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Use of Brass Knuckles

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Reviewed Date: June 21, 2017

Original Author: 
Barton, Rex
Date Created: 
Sep 16, 1997


Subjects:
Police--Equipment
Police--Liability

Use of Brass Knuckles

Summary: 
Brass knuckles, slap jacks, black jacks, and other weapons weighted with leads are too dangerous to use in a non-deadly force situation.

Knowledgebase-Use of Brass KnucklesSeptember 16, 1997


Dear Chief:

You recently asked for my recommendations concerning police officers carrying “slap jacks” or “brass knuckles.” I have researched the statutes with Sid Hemsley, the MTAS Senior Legal Consultant, and discovered that the statutes that prohibit citizens from carrying those items allows an exemption for police officers, thus making it lawful for police officers to carry them. I was quite shocked to see that the legislature has not eliminated this antiquated exemption. Those types of weapons simply have no place in modern police work.

Brass knuckles, slap jacks, black jacks, and other weapons weighted with lead, are not effective unless struck against a hard, bony part of the body. The primary target areas are the ribs, sternum, collarbone, and head. There is a strong possibility of broken bones when these weapons are used on these areas of the body. At the least, there is a probability of broken skin, blood, and extensive bruising.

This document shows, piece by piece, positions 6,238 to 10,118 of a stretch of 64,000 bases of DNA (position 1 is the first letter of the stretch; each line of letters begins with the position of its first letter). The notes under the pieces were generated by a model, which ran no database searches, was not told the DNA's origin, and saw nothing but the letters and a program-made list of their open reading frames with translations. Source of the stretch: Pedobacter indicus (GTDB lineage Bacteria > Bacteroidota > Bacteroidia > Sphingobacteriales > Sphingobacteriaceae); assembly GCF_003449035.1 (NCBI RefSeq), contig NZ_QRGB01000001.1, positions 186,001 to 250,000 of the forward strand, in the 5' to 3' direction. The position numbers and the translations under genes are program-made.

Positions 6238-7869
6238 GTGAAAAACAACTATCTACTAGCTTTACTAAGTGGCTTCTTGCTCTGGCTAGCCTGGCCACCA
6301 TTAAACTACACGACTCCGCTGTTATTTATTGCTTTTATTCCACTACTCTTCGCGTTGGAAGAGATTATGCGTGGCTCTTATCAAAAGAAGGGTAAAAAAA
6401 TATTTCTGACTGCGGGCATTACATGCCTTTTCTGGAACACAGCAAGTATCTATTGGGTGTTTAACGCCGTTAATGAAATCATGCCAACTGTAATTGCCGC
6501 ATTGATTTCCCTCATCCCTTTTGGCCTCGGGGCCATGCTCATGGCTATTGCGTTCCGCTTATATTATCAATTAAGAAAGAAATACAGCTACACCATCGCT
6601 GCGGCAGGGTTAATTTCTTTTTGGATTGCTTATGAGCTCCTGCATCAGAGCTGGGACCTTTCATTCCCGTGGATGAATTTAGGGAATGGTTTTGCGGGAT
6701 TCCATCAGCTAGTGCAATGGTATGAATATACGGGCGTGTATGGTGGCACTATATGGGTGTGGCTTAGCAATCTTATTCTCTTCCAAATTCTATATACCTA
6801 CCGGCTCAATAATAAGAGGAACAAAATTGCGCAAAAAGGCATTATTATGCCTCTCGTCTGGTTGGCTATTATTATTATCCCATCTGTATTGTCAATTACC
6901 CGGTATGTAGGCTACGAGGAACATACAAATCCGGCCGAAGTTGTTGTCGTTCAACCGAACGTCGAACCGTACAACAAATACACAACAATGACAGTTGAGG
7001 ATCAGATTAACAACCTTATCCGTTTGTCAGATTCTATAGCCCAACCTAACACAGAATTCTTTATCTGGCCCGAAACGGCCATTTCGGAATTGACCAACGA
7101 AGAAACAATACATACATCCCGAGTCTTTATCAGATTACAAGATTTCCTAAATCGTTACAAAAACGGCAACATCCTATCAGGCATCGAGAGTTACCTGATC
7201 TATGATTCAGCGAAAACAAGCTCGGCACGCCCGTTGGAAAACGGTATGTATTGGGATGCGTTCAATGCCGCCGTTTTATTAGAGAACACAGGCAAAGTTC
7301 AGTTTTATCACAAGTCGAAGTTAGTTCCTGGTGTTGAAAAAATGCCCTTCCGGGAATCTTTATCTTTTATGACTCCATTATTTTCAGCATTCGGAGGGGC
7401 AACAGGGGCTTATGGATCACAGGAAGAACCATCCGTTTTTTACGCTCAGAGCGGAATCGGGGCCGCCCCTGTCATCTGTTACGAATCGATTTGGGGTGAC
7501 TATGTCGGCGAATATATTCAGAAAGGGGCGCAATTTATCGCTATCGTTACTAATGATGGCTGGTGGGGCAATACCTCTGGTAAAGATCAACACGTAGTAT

Modern police training emphasizes the use of impact weapons on soft tissue areas of the body. Standard baton (night stick), side handle baton (tonfu) and collapsible baton (ASP) training teach officers to use the impact weapon only on specific soft tissue areas. Brass knuckles and leaded weapons such as the slap jack, are not effective on soft tissue areas. Aerosol weapons do not impact any part of the body and are widely used to avoid physical contact.

Brass knuckles and leaded weapons are extremely dangerous and can easily cause extensive injuries, or even death. In situations where deadly force is justified, the firearm should be the weapon used. Brass knuckles and leaded weapons are too dangerous to use in a non-deadly force situation. Given the types of injuries they can inflict, I don’t think I need to elaborate on the liability exposure the city could face if the weapons are used. Liability aside, it is simply wrong to use this type of weapon in a modern police department.

If you have any questions, or if I can ever be of assistance, please do not hesitate to call.

Sincerely,



Rex Barton
Police Management Consultant


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MTAS letters and publications were written based upon the law at the time and/or a specific sets of facts. The laws referenced in the letters and publications may have changed and/or the technical advice provided may not be applicable to your city or circumstances. Always consult with your city attorney or an MTAS consultant before taking any action based on information contained in this database.